Virtual Fatwas and Death Sentences: The Crazy Politics of Video Games in Iran

The fatwa against Salman Rushdie is reportedly going to be the central plotline of an Iranian video game

The fatwa against Salman Rushdie is reportedly going to be the central plotline of an Iranian video game.

Photo by Jerod Harris/Getty Images

Iran has become the next big star of in video game world—even if it’s just in terms of creating jaw-dropping headlines. In recent months we’ve seen gaming-related charges of espionage and a death sentence. There have even been virtual fatwas.

These are the side effects of the Iranian video game industry’s rapid growth—something that Ayatollah Seyed Ali Khamenei himself has apparently pushed for.

“We developed around 140 games with Islamic and Iranian contents which can compete with foreign products,” said Mokhber Dezfouli, secretary of Iran’s Secretary of the Supreme Council of Cultural Revolution, in a recent interview with the Fars News Agency, which Reuters calls “semi-official” for its ties to the government. Iran even has a National Foundation of Computer Games and its own version of E3, the United States’ largest annual video game conference.

So what is behind this state-funded push to establish an Iranian video game industry? Well—it’s certainly not the desire to create art.

In the New York Times last week, Nicholas Kristof pointed out that Iran is a young nation (about half the population is under 25), and education levels are rising. He recalled witnessing many Iranians indulging in traditionally Western pleasures: amusement parks, pirated music, drugs, and “Grand Theft Auto.”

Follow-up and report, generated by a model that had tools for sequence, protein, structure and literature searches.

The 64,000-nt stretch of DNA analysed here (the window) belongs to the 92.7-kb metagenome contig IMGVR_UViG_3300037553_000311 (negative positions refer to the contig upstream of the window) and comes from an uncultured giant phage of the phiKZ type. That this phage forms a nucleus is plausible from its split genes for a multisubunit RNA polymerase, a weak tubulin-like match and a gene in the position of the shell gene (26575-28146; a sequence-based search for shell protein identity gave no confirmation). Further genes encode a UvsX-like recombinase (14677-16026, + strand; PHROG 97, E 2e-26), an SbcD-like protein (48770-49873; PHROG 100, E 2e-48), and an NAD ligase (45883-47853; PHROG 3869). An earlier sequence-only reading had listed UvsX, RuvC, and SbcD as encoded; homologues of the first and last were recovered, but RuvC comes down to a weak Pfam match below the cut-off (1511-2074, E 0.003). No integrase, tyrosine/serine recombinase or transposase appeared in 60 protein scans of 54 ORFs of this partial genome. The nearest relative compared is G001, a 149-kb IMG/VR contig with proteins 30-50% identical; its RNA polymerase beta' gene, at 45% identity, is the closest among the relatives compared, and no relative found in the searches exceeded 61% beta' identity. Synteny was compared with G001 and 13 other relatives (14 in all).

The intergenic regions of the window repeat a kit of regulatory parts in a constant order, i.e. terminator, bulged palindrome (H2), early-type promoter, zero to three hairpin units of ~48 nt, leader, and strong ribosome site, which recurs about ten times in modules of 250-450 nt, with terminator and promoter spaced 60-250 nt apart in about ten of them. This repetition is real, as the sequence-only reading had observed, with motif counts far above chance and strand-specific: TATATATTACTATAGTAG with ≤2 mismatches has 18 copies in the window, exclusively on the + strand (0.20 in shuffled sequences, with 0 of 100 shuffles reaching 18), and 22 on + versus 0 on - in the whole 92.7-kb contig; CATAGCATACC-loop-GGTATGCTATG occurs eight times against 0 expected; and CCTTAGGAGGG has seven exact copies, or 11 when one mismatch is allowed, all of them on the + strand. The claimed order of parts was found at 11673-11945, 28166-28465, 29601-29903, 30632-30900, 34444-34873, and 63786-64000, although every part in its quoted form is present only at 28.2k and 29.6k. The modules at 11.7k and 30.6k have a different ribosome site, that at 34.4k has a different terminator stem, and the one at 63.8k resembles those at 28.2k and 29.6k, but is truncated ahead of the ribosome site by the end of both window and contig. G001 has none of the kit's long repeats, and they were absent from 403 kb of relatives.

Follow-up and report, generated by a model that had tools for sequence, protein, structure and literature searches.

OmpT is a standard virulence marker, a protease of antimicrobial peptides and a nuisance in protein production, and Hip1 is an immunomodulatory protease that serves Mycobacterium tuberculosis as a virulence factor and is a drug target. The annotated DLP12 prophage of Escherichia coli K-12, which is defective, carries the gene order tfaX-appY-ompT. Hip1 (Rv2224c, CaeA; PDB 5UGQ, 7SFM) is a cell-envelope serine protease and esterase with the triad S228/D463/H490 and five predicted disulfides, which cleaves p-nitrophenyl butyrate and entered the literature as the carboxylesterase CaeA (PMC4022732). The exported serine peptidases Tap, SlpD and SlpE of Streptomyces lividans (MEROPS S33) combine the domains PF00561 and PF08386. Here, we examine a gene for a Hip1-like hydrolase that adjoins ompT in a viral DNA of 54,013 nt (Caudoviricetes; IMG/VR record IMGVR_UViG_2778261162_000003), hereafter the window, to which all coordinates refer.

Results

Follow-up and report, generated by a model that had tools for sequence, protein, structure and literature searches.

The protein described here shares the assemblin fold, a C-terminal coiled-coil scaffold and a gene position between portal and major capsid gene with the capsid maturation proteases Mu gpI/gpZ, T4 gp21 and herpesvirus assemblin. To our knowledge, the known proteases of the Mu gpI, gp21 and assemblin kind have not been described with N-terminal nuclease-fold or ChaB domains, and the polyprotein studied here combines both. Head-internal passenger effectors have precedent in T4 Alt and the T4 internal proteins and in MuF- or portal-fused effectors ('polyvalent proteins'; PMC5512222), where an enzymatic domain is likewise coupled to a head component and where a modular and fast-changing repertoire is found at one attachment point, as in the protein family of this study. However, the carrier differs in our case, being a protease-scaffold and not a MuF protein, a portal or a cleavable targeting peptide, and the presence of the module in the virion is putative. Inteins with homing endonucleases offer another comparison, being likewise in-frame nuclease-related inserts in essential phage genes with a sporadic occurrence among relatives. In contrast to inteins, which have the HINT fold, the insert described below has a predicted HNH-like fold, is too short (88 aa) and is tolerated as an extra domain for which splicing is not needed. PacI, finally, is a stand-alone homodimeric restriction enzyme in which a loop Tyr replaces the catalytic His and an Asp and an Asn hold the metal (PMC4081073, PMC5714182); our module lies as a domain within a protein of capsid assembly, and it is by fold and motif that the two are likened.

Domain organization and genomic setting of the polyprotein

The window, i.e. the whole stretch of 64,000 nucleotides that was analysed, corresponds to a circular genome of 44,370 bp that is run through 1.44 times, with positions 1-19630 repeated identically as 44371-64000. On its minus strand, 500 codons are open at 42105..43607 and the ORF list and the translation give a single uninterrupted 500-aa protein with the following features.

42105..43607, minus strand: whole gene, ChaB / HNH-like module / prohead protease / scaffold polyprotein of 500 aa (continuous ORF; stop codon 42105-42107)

“This youth culture of Iran is nurtured by the Internet—two-thirds of Iranian households have computers—and by satellite television, which is banned,” writes Kristof. Iran is also not subject to WTO copyright laws, making piracy widespread and thus newly released games easily available. And according to the Guardian, “Iranian authorities have complained in recent years that ‘enemies’ have targeted their country in a ‘soft and cultural war’ using illegal satellite channels, western novels, Hollywood films and computer games.” All of this has prompted Iran to create its own popular-entertainment industry and heavily filtered “halal” Internet.

Back in December, Iran banned the sale of the game Battlefield 3, taking issue with its depiction of a U.S. assault on Tehran. The NFCG responded by announcing its plans to create a game called “Attack on Tel Aviv,” which features “Iran’s reaction toward depicting an American soldier on Tehran’s streets in ‘Battlefield 3,” according to the Tehran Times.

More recently, a game with the remarkable name “The Stressful Life of Salman Rushdie and Implementation of His Verdict” was announced at the second annual Computer Games Expo in Tehran. The Guardian says it is being developed by the government-funded Islamic Association of Students, which hopes to educate a younger generation of the fatwa placed on The Satanic Verses author Salman Rushdie by Ayatollah Ruhollah Khomeini in 1989. While details on the game’s actual contents have yet to be released, Time speculates that the title suggests players may be tasked with answering the “23-year-old call for the author’s head.”

The video game politics don’t stop there. In an interview with Kotaku on Monday, Iranian/Canadian game developer Navid Khonsari revealed he has been branded a spy for his latest game, which depicts the chaos of the 1979 Iranian Revolution. As a result, he can no longer return to his home country.

Khonsari’s woes pale in comparison to those of Amir Hekmati. Arrested and accused of espionage late last year for his alleged involvement in designing CIA-funded games, the former U.S. Marine was sentenced to death in early January.

In a controversial confession on Iranian state television, Hekmati claimed his company, New York’s Kuma Reality Games, was developing titles aimed at “manipulating public opinion in the Middle East,” according to Kotaku. However, a follow-up article revealed that Kuma’s government funding was for a language education game for the Department of Defense.

While Hekmati’s death sentence was overturned in March, he remains imprisoned in Iran.